Becker, J.S.; Richardson, V. 2000 The November 1999 Queenstown floods and Frankton landslide, New Zealand. Lower Hutt: Institute of Geological & Nuclear Sciences. Institute of Geological & Nuclear Sciences science report 2000/12 24 p.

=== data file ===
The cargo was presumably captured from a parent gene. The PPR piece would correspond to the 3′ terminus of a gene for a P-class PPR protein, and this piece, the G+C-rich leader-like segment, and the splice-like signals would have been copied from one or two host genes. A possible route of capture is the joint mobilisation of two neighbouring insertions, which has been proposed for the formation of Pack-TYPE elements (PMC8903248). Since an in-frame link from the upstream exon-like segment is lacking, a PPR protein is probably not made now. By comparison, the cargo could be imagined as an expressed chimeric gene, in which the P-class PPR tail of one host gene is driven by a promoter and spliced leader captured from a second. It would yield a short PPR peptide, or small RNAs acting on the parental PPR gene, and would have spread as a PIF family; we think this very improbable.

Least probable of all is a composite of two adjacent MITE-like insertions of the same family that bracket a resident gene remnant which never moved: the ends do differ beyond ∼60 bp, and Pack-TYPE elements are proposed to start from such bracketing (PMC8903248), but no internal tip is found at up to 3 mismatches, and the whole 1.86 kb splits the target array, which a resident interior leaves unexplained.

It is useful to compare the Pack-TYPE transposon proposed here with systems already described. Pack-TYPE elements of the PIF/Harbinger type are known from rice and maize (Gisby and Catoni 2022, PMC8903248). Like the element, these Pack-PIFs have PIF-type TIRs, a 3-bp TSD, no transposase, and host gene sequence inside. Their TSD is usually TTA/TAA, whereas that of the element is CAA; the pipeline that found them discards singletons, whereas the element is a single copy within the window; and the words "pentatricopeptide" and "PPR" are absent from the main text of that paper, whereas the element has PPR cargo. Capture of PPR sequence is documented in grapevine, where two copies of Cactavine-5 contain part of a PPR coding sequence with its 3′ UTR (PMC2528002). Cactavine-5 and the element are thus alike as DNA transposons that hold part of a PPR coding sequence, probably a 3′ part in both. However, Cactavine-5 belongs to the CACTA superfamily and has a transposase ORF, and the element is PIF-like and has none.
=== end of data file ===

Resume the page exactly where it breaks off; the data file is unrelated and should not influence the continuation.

Abstract: The largest flood recorded in Queenstown in historical times, occurred in November 1999. This flood was caused by a stationary front situated over the Southern part of the South Island bringing heavy rain to the area. In addition, the rain caused problems in Frankton by reactivating the Frankton landslide and moving two significant areas of land in the vicinity of Frankton Road and Towne Place. The Central Business District area in Queenstown was worst affected by the flooding, with some businesses still inundated up to two weeks after the waters had peaked. Once the floodwaters had receded, the task of cleaning up the contaminated mud left behind began. Some businesses were still out of operation and continuing refurbishment as this report was being collated in April 2000. Over thirty houses were affected by movement on the Frankton landslide were evacuated and residents were allowed back intermittently as residences were considered safe for habitation. In all, five houses were deemed unsafe and were condemned. The Queenstown community was active both in response to the initial flood warnings issued, and in the recovery period afterwards. Volunteers helped sandbag around the sides of Lake Wakatipu as the floodwaters rose, and helped clean up the Central Business District as the waters receded. Likewise, volunteers (for example, the Ruapehu 1995-1996 eruptions) gave assistance to residents whose homes were affected by the Frankton landslide. (auth)